Sewing is very much like engineering: you’re building something. You have to plan ahead, visualize the finish project, and understand how each step creates the foundation for the next one.
It’s also good for children’s fine motor skills and hand-eye coordination, but the mental exercises are just as valuable. Problem solving, perseverance, and patience can all be learned from sewing. Following instructions and organizing abilities are also gained. Continue reading
For the last couple of days when not toiling in the garden or experimenting in the kitchen, I’ve been at a basket making course. It’s offered a few times a year and I’ve wanted to take it ever since I first moved here. With all five of my children off to school, I took the opportunity to get away. Continue reading
A side view shows the base that helps it to sit upright and a view of the inside gives a peak at the coordinating lining.
Welcome to lesson four of my five beginner sewing project tutorials. This project repeats most of the skills acquired in the first three lessons and introduces inserting a zipper and a lining. Neither are too difficult, and both are invaluable basic skills that open up many future project possibilities. This project looks time intensive, but like the others before, it’s easily taught within the four-hour class time, allowing for warm-up exercises and a twenty-minute break. I should add here that I have the fabrics pre-cut for students and they choose the combination of elements–zip, ribbon, lining and main fabric. I’ve put in lots more pictures because they can sometimes speak clearer to you than the written instructions. Don’t ever hesitate to ask me for help with anything. Continue reading
Four of my children’s bags–two made by them, two made by me.
Instructions for Backpack-14” wide x 16 1/2” long–This tutorial is pretty straight forward and is a nice step up from the basics taught in project one and project two. There are a couple new skills used–making a casing and then stringing the cording through, and top stitching for extra strength (as well as giving the bag a nice detailed look). Match your thread to the base color or use a coordinating thread that stands out; you can’t go wrong either way. Continue reading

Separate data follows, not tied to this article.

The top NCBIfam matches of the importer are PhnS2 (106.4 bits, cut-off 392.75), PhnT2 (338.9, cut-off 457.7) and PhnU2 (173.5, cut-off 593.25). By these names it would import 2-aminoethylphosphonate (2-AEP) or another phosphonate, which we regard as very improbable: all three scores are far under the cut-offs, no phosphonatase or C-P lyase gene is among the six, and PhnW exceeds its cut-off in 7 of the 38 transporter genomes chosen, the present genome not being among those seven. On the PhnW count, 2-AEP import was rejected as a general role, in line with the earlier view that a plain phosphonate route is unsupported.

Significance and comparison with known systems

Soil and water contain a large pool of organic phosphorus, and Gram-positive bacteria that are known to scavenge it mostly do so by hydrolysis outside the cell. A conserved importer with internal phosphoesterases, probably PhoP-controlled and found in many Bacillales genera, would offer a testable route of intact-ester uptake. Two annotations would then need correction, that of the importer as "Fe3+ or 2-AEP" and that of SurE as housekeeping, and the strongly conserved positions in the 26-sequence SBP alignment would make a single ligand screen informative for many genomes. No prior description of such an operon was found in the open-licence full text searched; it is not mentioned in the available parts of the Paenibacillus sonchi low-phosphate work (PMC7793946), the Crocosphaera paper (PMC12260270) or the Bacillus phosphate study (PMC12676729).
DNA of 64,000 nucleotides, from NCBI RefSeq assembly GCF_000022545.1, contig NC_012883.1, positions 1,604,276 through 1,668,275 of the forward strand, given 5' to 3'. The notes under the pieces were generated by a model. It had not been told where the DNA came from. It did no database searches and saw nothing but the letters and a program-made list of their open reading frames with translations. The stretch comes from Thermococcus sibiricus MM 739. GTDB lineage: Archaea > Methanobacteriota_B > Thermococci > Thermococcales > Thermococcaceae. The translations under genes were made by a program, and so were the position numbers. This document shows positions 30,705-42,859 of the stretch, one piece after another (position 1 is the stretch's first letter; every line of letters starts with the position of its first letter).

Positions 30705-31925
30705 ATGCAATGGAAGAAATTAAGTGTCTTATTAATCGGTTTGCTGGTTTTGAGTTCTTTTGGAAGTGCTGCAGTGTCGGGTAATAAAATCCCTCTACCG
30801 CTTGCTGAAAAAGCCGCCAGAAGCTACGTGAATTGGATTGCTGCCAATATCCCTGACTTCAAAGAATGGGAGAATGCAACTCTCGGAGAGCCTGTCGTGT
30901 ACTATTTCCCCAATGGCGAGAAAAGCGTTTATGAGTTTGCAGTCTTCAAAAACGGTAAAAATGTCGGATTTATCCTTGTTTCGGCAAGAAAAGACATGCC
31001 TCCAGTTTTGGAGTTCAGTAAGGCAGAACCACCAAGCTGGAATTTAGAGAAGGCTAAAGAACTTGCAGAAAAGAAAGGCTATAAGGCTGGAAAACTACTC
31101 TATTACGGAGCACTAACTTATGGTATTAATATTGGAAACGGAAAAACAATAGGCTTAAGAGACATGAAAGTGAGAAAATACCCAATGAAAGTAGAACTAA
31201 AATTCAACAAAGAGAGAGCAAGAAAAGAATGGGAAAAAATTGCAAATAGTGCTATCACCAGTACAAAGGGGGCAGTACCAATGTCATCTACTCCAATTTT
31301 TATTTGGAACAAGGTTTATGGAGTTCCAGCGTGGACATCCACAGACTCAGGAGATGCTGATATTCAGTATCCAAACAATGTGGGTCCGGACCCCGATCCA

The Aran Fisherman Tea Cozy
In the cool Irish climate, I quickly became accustomed to wearing a sweater most of the year. So did my pot of tea. Cozies keep a pot of tea hot for so long that they’re useful any time of the year. And they’re just so darn cute!!
The Aran Islands have a worldwide reputation for their tradition of producing beautiful knit sweaters. My love for crochet (and inability to knit) led me to dabbling with recreating the traditional Irish hand-knit stitches in the best way I knew how. This tea cozy is one of the results.
Though there are a couple of different interpretations out there about the meaning of each Aran stitch, that they each have their own meaning is never disputed. In this design, the straight cables are the fisherman’s rope. The diamonds symbolize success and wealth, and in their centre is the bobble representing a net full of fish. I’ve been told that the outline of a fish or two is visible as well. What do you think? Continue reading
Rows of numbered squares sewn as pockets to a background which is then batted, backed, bias tape bound, and somewhat quilted together and, voila, an advent calendar is materialised–pun intended, obviously. Continue reading
Picture Pocket Pillow Tutorial
Here’s my first sewing tutorial. Hope you enjoy! Continue reading
Learning to sew was the greatest gift of my childhood. For as long as I can remember, I have been a seamstress. Sewing is the one thing that I have to offer for sale or barter with absolute unshakable confidence and pride. I’ve always wanted to give back to the art form that gives so much joy to me therefore, teaching was a natural and obvious choice. Each month, starting in one month, I will post one of the five project tutorials that I have loved teaching to local children over the last year. They are each designed (and have been used) as a curriculum. I believe others could use them to offer classes that generate income, same as I have done. The thorough tutorials will facilitate that. Someone with a basic level of sewing could teach them. I suggest you complete each tutorial yourself before teaching so it will be familiar–you will also have created a sample finished product which is very helpful for referring to when instructing. If teaching is not your intent, then maybe you will enjoy making for yourself or as gifts.
What better way to provide than to teach others to provide for themselves?”